itself an injury and that a plaintiff need not demonstrate actual physical, economic, or psychological
detriment in order to be accorded standing. In Bowen v. First Family Fin. Services, Inc., 233 F.3d
1331, 1341 (11th Cir. 2000), the Eleventh Circuit found that the invasion of a right to judicial
remedies created by TILA can create an injury in fact when those rights have been invaded. Similar
support can be found in Higginbotham v. Ford Motor Credit Co., 270 F. App’x 864, 866-67 (11th
Cir. 2008) (finding plaintiff had standing based on material violations of the statute and clarifying
that statutory damages were available for the violation of the statute and actual damages available
to compensate the plaintiff for actual harm exceeding cap for statutory damages.).
A thorough review of standing cases from the Supreme Court and the Eleventh Circuit gives
this court confidence in its decision to deny Defendants’ motion to dismiss. However, a similarly
exhaustive review of decisions of the Eleventh Circuit and other courts involving FACTA (and
related statutes) persuades this court that there is substantial ground for difference of opinion
regarding the specific question of whether a violation of FACTA constitutes injury in fact for the
purposes of standing.
For example, in Harris v. Mexican Specialty Foods, Inc., 564 F.3d 1301, 1312-13 (11th Cir.
2009), the Eleventh Circuit reversed a district court’s finding that FACTA was unconstitutionally
vague or excessive on its face. Although the issue was at least implicated, the court did not
explicitly address whether the plaintiffs in that case had standing to sue in the absence of actual
damages. Id. at 1309-10. The court noted, in relevant part, that:
[I]t is not yet clear at this early state in the proceedings whether the
district court’s assumption that none of the proposed class members
suffered any actual damages is correct. Neither the FCRA, nor the
plaintiffs’ proposed classes, limit recover of statutory damages to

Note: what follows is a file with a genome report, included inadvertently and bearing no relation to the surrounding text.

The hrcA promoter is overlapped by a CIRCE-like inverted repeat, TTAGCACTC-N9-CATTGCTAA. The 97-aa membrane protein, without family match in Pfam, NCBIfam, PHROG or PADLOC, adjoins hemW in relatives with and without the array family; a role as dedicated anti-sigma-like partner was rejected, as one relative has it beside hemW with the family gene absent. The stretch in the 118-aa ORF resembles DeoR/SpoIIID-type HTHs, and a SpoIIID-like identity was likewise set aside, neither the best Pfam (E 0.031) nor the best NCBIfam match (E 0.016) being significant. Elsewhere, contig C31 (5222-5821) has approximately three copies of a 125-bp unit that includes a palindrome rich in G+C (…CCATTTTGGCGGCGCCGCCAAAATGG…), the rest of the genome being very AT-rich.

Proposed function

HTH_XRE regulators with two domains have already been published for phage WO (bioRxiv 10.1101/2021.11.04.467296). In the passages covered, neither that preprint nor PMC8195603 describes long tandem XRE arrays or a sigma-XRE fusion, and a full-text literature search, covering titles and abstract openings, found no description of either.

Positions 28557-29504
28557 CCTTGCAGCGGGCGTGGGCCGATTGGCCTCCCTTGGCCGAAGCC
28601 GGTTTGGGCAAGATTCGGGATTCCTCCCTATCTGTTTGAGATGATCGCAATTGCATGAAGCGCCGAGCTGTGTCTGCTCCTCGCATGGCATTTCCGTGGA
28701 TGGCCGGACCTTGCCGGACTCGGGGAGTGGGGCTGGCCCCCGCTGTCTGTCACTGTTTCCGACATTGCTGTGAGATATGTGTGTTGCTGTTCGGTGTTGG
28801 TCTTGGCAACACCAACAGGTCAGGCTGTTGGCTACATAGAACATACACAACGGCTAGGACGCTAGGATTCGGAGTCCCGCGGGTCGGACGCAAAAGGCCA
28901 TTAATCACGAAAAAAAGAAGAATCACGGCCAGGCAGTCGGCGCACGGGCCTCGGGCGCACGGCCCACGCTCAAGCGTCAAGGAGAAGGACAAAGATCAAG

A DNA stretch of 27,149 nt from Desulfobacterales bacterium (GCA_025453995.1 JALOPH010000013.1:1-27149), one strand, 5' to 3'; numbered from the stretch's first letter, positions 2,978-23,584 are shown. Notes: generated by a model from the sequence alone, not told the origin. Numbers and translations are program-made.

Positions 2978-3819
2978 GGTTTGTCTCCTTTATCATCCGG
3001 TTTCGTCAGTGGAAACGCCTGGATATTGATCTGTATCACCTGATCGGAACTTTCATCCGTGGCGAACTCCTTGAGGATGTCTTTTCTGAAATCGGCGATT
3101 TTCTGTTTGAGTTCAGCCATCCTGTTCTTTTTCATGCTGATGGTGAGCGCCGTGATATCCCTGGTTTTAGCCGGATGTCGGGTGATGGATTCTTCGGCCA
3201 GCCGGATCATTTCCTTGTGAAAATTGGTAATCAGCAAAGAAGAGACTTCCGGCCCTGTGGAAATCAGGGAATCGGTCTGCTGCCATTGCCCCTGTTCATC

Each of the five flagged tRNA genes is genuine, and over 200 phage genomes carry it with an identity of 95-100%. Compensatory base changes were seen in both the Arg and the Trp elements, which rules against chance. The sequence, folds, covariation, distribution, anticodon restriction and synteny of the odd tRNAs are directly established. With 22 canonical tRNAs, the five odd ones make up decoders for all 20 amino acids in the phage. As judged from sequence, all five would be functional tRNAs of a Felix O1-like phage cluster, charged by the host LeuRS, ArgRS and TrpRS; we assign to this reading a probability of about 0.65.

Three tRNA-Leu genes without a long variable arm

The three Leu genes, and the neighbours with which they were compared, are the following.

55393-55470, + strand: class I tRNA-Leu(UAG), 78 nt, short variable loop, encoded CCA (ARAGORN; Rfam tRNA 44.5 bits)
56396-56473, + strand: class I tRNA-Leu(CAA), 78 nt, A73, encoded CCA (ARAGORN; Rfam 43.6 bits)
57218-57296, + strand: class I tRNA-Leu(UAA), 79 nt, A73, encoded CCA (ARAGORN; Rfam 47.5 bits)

those individuals who did not suffer actual damages. The district
court assumed that because the plaintiffs seek statutory damages, they
and the members of the putative classes did not suffer harm. This
court has recognized that even though statutory damages may be used
in cases where no actual damages were incurred, they are also often
employed where damages are “difficult or impossible to calculate.”
. . . Thus, it is possible that members of the proposed classes have
suffered actual harm, but that such harm is small or difficult to
Id. While this passage indicates that the relevant statute does not require actual damages in order
to seek recovery of statutory damages, the Eleventh Circuit did not specifically address whether an
allegation of actual damages is required for standing purposes. Because this issue has remained
largely unaddressed and because the resolution of this controlling legal question would materially
advance the ultimate termination of this litigation (as well as bring clarity in other cases), the court
certifies Defendants’ Motion for Interlocutory Appeal.
For the reasons discussed above, The Pantry’s Motion for Certification of Interlocutory
Appeal (Doc. # 97) is due to be granted. A separate order will be entered.
DONE and ORDERED this
day of March, 2013.
R. DAVID PROCTOR
UNITED STATES DISTRICT JUDGE